03:15 - Source: CNN
Kurdish official: We need more weapons

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About 10 of an expected 160 Peshmerga fighters enter Kobani, sources say

Kobani has been under ISIS attack since September

The arrival of Peshmerga fighters is symbolic, but not a major development, analyst says

Near Suruc, Turkey CNN  — 

Iraqi-Kurdish Peshmerga fighters began arriving in the besieged northern Syrian city of Kobani from Turkey, two witnesses said Thursday, starting what analysts call a largely symbolic reinforcement of fellow Kurds defending the town from ISIS.

About 10 Peshmerga fighters entered Kobani from the Turkish border in two vehicles, an activist and a Syrian Kurd fighter told CNN by phone.

The 10 are among about 160 Peshmerga troops that are expected to arrive in Kobani after traveling from Iraq through Turkey, bringing heavy weapons, artillery and gear to help Syrian Kurds in a battle against ISIS for control of the border town.

ISIS, the Sunni Muslim extremist militant group, has been fighting to take Kobani for about six weeks, hoping to add it to the territory it already captured in parts of Syria and Iraq for what it calls its new independent Islamic nation.

Syria has been embroiled in a three-year civil war, with government troops battling ISIS and other rebels elsewhere, leaving Kobani’s ethnic Kurds to defend the city, with U.S. airstrikes – part of a larger U.S.-led coalition effort against ISIS in the region – intermittently taking out ISIS targets in the area.

The supplies and troops, though roughly an infantry company-sized contingent, would boost Kobani’s defenders somewhat, given that they’ve seen few reinforcements since ISIS’ siege of the city began in mid-September. The Peshmerga troops join about 200 Syrian rebels who, according to Syrian rebel commander Col. Abdul Jabar, entered Kobani at dawn Wednesday.

Peshmerga troops – Kurds who defend northern Iraq’s semiautonomous Kurdish region – are no strangers to ISIS, having battled them often this year as the militant group tries to expand its Iraqi territory.

Tens of thousands of civilians fled Kobani and surrounding areas into Turkey to avoid the fighting.

What impact will the Peshmerga fighters have?

Though the Syrian Kurds will welcome the Peshmerga, the troop movement doesn’t necessarily signal a major shift in the fight, analysts say.

“In terms of a major war that’s of some significance to U.S. national security, the arrival of 150 militiamen to an area is probably not of tectonic significance,” Steve Biddle, a senior fellow with the Council on Foreign Relations, told CNN Wednesday.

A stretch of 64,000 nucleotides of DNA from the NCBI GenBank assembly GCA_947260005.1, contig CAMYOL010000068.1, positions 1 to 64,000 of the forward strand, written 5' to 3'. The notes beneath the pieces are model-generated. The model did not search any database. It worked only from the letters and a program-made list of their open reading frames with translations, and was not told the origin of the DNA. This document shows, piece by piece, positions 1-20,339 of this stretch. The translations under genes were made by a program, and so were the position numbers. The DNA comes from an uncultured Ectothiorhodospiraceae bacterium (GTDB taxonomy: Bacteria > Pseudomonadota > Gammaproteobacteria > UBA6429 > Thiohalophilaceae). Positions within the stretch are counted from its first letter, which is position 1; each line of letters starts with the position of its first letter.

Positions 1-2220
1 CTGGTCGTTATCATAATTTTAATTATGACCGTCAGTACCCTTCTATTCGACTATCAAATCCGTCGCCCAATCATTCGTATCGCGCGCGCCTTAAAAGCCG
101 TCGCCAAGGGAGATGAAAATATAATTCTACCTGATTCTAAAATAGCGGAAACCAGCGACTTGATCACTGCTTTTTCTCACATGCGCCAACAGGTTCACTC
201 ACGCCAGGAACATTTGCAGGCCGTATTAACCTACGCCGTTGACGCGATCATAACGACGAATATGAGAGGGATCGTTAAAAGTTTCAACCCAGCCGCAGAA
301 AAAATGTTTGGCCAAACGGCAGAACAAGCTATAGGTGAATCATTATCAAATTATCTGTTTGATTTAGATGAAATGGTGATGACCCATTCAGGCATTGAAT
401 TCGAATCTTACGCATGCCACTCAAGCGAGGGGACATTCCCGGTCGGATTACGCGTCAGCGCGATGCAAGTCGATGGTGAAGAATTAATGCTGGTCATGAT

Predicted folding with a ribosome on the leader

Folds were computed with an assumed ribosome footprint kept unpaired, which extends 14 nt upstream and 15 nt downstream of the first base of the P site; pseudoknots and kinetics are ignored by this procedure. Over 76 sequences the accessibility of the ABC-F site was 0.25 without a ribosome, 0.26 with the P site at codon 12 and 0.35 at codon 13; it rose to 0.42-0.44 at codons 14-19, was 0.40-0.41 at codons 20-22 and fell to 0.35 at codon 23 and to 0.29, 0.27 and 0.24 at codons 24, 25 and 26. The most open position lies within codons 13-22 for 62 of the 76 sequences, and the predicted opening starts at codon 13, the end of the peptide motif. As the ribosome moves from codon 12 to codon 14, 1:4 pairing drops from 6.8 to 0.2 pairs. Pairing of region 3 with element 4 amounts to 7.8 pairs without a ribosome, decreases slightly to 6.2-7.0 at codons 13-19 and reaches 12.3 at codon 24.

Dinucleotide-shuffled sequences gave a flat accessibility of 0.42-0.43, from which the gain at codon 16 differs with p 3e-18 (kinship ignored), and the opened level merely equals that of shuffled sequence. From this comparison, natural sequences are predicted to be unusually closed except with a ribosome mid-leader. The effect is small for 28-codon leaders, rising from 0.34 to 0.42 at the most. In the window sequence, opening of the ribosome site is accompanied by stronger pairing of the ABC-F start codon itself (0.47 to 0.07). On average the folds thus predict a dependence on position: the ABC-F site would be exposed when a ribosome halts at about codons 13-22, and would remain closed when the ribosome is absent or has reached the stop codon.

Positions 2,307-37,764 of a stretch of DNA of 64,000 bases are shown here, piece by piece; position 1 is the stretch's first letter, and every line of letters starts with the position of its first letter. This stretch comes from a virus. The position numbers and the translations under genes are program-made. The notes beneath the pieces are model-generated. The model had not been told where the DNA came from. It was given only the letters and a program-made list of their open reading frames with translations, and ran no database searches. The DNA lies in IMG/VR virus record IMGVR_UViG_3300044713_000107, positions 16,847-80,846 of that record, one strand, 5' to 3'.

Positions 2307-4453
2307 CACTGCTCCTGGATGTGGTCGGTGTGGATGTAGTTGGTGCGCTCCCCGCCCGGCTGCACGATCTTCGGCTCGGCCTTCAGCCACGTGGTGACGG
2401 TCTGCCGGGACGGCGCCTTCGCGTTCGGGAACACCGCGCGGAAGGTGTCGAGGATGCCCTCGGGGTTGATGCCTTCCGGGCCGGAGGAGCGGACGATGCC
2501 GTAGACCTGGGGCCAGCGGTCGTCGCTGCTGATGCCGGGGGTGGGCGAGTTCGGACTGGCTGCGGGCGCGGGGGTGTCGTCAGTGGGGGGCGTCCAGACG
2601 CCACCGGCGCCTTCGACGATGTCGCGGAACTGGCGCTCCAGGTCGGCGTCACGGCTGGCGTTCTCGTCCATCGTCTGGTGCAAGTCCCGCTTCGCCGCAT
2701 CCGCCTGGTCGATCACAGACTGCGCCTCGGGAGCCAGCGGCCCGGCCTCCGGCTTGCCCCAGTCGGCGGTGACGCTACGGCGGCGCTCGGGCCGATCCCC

Most tacticians consider Kobani to be of little inherent strategic interest in the fight against ISIS, Washington Institute defense fellow Jeff White said Wednesday.

The city has attracted a lot of international media attention, in part because it lies just across the border from Turkey, giving journalists a clear vantage point to report on the battle there.

ISIS is also reinforcing its contingent in Kobani, White said, setting out the prospect of a protracted fight over the city.

But there is some military significance, analysts say.

The fight for Kobani continues to give U.S. and allied forces the opportunity to bloody ISIS there, and to keep its forces tied up, White said.

“As long as the city doesn’t fall, it works to the advantage of the U.S. strategy,” he said. “The ISIS guys who are fighting in the city aren’t available to fight somewhere else.”

The Turkish role

With ISIS controlling the Syrian land surrounding Kobani, the Peshmerga’s easiest path into the city was through Turkey. And Turkey’s decision to let the Peshmerga traverse Turkish territory represented a major policy shift.

The Syrian Kurdish fighters, part of the People’s Protection Units, or YPG, have ties to the Kurdistan Workers’ Party, or PKK, which has fought a 30-year guerrilla war against the government of Turkey, where about 20% of the population is Kurdish.

Turkey, the European Union and United States consider the PKK a terrorist organization.

Earlier this month, Turkish President Recep Tayyip Erdogan said the Syrian Kurdish and ISIS militants were “terrorists.” The Turkish government also has bristled at the United States’ efforts to parachute weapons, ammunition and medicine to YPG fighters.

But while Turkey did nothing to intervene in Kobani, Kurds protested in Turkish streets. More than 30 people were killed in cities across the country this month as ethnic Kurds clashed with Islamist and nationalist groups, as well as Turkish police.

CNN’s Raja Razek reported from near Suruc, Turkey, and CNN’s Michael Pearson and Jason Hanna reported and wrote in Atlanta. CNN’s Nick Paton Walsh, Gul Tuysuz, Ivan Watson and Zeynep Bilginsoy contributed to this report.